Does that mean that they need to go out and sign three top pitchers? Absolutely not. You don’t strip your payroll down this low without plans for how to spend it in the future, and in three years, all of their young stars will be more expensive. The payroll will naturally increase over time, which is what happens when you have a bunch of good young players making artificially low salaries.
My issue with their team building isn’t that the O’s aren’t trying to build up to a huge payroll right this minute and blast off to the moon in future years; it’s that they’re undervaluing the present in search of nebulous cost-efficiency gains. The Orioles have rightly been focused on building for the future for quite a while, and it has paid off (though the path to get there also made a good chunk of their fanbase justifiably angry). When you’re winning 60 or 70 games a year, punting present value for future considerations makes sense, whether we’re talking about saving money on salary or focusing on development over current players. But now that the O’s are competing for a division title, taking away from the present makes a lot less sense.
Looking back at the past few decades of roster construction strategies, there are a few favored ways to build teams around young players. Broadly speaking, you’ve got the way the Rays, Astros, Cubs, and Royals did things, all different approaches to assembling competitive rosters. (Here, I’m obviously excluding the Dodgers, Yankees, Braves, Cardinals, et al; I’m trying to think of teams that either operate with minuscule budgets or use tanking as part of their strategy.)
If the Orioles want to follow the Rays, I mean, good luck. The Rays get by without making any huge signings in free agency, but they draft and develop like no other team in baseball, and they’re not shy about trading to fill holes in their roster. If the Rays had a squad that looked like Baltimore’s, they’d be swapping players left and right trying to acquire pitching. (They’d also probably just have developed a couple of starters somehow, or drafted a few who’d already worked out, but that’s neither here nor there.) The point is, the Rays are always trying to move in a direction that balances present and future, and that’s clearly not the Orioles, whose maneuvers remain squarely future-focused even with a competitive team on the field now.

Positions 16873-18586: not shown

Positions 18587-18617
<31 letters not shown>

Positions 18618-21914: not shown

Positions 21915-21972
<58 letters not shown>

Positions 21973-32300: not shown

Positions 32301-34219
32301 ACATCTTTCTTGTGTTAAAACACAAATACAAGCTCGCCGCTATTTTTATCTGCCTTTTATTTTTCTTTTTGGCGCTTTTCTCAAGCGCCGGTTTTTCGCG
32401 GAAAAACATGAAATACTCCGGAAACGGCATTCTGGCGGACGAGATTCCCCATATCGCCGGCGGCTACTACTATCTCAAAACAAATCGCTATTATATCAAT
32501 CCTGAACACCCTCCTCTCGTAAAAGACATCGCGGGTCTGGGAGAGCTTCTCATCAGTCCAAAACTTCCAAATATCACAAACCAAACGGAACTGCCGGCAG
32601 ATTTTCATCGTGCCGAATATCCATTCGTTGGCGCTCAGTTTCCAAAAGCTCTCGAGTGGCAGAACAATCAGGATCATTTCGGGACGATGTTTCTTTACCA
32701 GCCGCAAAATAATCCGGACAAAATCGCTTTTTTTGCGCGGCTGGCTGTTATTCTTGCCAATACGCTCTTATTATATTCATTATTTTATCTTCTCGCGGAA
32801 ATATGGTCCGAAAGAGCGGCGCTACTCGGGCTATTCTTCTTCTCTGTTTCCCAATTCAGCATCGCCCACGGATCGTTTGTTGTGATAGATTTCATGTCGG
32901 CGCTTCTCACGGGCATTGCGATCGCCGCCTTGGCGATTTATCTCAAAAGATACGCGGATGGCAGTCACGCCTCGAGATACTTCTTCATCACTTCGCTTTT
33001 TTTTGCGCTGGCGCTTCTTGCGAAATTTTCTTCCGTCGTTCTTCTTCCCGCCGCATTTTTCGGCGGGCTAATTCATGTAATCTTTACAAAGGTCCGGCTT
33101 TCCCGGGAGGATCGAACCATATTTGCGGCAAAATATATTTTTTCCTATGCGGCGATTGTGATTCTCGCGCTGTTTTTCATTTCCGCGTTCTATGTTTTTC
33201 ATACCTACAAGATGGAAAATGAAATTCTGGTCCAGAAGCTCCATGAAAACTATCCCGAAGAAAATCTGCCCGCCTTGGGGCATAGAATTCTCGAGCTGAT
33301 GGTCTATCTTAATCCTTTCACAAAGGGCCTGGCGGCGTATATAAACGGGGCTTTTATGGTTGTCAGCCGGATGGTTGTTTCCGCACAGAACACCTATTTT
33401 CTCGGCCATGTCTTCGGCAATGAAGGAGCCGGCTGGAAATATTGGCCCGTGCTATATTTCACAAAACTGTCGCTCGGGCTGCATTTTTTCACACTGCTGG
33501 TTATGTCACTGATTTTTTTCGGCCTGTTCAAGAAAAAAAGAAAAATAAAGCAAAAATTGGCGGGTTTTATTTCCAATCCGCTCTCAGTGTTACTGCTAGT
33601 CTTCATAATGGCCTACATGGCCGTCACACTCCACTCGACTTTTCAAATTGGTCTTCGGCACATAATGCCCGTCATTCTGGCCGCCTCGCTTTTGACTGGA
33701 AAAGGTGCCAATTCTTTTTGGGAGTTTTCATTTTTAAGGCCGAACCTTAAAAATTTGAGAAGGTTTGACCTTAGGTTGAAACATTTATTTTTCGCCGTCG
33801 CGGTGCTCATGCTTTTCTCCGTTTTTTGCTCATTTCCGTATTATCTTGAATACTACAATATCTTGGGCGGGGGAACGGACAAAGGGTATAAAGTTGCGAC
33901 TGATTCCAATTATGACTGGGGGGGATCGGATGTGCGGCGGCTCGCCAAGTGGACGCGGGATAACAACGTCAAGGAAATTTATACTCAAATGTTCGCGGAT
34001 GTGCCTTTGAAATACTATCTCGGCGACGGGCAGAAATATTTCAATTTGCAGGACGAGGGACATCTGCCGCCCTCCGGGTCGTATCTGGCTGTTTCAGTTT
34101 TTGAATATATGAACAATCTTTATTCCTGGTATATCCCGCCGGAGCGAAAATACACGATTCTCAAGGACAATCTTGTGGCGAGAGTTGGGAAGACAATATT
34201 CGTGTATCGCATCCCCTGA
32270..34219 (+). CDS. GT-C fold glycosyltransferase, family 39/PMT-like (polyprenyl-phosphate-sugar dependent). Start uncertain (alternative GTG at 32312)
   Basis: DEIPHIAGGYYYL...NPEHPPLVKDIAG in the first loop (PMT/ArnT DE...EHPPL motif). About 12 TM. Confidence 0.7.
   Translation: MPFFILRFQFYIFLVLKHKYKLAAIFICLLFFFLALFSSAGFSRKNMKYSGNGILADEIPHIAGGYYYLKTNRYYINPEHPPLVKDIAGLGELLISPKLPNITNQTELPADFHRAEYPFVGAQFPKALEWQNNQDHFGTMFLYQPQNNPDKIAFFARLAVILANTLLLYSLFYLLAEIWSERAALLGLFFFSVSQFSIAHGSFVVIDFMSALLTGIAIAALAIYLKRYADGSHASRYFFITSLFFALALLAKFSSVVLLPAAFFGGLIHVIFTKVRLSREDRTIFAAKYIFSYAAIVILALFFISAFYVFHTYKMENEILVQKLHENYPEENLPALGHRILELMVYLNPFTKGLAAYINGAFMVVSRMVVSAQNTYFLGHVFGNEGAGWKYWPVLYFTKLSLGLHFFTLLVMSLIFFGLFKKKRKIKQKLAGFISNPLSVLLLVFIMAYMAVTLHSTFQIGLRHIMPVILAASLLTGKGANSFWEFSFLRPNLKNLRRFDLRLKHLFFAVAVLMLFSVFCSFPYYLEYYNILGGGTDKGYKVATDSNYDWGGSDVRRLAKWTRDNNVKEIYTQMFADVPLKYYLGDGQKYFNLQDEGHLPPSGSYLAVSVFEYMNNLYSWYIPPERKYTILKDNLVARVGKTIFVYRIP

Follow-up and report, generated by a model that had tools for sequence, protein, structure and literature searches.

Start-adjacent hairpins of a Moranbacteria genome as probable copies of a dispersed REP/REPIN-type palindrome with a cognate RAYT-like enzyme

What about the Astros, the organization where Baltimiore’s front office got its start? They started the same way the O’s did, by tearing the major league team down to ground level and building around hitting prospects. They diverged from the current Oriole plan in a few ways after that, though. First, they started trading for top-end pitchers like Gerrit Cole and Justin Verlander. Then, they dished out extensions and free agent contracts that have taken them to the upper third of the league in salary and kept them there. In other words, they used their rebuild to accumulate good players and perhaps save some money, but when the team got good, they unwound all of that and started acting like a big-market team. I think it’s fair to say that nothing in the Orioles’ recent history implies they’re headed this way.
The Cubs might be a better comparison. Like the Orioles, their Theo Epstein-led rebuild focused on young hitting talent. They drafted and traded plenty of interesting hitters while mostly shying away from pitchers, though they looked for reclamation projects like Jake Arrieta when they did grab pitching. That matches what the Orioles have done in recent years almost to a tee. But when the Cubs had a strong season like this past year’s Baltimore result, they had already started adding pitching, and they kept going. Jon Lester signed for six years and $155 million before the team’s breakthrough 2015, and Jon Lackey joined the next offseason to shore up the rotation.